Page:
Ministers have warned the House of Lords that peers' defiance over ID cards could lead to a legal ban on them blocking the Government's manifesto pledges.
Senior ministers moved to reassert the authority of MPs after peers provoked a constitutional crisis by throwing out the ID Cards Bill for a fifth time.
The House of Lords voted by 219 to 191 for an amendment ensuring that people can opt out of the ID cards scheme when they renew their passports. But ministers insisted that the move represented an attempt to wreck the Bill and openly warned that the powers of peers could be restricted.
Geoff Hoon, the Leader of the Commons, floated the idea of curbs on the powers of peers to delay legislation. He said that Parliament could sit all night tonight until the Lords backed down over the Bill, which has been blocked by Conservative and Liberal Democrat peers.
Another minister said that peers' resistance to the ID Cards Bill meant that the Lords' ability to frustrate legislation was now "squarely in the frame".
He said: "As far as we're concerned, this is a manifesto commitment and they are taking us on directly."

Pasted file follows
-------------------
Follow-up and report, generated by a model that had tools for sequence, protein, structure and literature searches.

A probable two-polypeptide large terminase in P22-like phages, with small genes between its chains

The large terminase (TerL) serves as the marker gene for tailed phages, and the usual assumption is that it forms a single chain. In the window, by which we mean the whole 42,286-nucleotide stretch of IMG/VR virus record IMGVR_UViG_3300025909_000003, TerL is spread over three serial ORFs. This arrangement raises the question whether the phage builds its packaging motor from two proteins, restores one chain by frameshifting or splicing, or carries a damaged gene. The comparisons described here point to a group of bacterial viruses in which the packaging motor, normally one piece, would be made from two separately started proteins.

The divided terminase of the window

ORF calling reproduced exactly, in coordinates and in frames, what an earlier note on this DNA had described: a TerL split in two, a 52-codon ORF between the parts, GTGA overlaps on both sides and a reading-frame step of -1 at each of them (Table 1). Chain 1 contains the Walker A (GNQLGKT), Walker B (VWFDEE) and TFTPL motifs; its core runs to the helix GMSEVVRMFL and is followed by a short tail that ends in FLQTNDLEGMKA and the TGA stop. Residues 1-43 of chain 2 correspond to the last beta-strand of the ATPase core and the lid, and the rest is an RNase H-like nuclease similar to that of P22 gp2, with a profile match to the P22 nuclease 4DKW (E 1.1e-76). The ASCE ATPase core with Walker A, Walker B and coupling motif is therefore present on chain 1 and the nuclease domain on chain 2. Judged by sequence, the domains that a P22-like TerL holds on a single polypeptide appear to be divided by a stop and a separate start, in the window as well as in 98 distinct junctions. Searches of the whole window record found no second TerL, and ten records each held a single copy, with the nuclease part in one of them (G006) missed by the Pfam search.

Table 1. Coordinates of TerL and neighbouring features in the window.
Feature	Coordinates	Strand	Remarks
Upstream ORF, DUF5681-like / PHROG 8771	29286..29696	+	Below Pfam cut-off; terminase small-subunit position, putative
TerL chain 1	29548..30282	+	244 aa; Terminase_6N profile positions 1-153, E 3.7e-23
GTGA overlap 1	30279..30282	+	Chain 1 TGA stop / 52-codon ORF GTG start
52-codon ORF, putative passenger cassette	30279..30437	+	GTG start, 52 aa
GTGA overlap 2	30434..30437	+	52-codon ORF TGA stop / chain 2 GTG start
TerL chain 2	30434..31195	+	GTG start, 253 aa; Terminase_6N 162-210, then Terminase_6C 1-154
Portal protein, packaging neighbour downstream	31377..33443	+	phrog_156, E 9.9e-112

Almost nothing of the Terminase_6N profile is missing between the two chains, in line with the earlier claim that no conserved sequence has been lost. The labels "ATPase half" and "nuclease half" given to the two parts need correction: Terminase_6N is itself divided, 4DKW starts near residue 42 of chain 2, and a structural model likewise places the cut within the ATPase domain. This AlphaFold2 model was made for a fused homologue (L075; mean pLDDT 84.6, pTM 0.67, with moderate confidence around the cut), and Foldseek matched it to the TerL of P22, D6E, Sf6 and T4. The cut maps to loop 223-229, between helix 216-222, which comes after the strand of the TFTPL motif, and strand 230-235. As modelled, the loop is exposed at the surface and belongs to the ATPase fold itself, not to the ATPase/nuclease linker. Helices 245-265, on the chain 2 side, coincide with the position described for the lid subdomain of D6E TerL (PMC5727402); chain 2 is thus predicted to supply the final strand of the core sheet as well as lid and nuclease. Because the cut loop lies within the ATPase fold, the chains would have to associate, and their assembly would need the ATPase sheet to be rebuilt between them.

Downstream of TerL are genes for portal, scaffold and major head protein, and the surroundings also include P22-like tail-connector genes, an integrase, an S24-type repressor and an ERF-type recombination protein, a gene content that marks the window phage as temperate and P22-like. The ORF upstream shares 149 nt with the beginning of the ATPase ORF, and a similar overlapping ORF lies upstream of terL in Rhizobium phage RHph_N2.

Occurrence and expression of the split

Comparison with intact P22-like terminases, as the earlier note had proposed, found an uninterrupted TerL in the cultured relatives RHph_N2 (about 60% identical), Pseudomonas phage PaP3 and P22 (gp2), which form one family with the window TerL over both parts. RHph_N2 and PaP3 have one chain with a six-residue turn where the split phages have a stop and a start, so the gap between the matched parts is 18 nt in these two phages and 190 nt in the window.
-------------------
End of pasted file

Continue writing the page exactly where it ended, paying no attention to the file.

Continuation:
Baroness Scotland of Asthal, a Home Office minister, warned the Lords that delays to the Bill would be exploited by people who wanted to curb their powers. She said: "There will be those who use this opportunity against this House."
She said: "I'm personally deeply troubled by what we're doing in this House, because whether we like the contents of a Government's Bill or not, [the Commons] has the mandate of the people of this country."
But Lord Armstrong of Illminster, the former cabinet secretary who proposed the amendment, told peers that many voters would have believed Labour's manifesto that the ID scheme was voluntary.
He said: "The issue of personal freedom should not be brushed aside as being of no consequence."
Lord Phillips of Sudbury, for the Liberal Democrats, said that the Government was guilty of an "act of dishonour" by not abiding by the wording of its manifesto.
But Mr Hoon said the decades-old Salisbury convention, under which peers do not block government manifesto commitments, had been abandoned, and said reform was needed to prevent any elected second chamber from rivalling the power of the Commons.
He warned that "without the Parliament Acts there really is not that much difference between the powers" and made it clear that there needed to be clear curbs on the powers of the House of Lords before MPs would vote for a mainly or fully elected house.Reuse content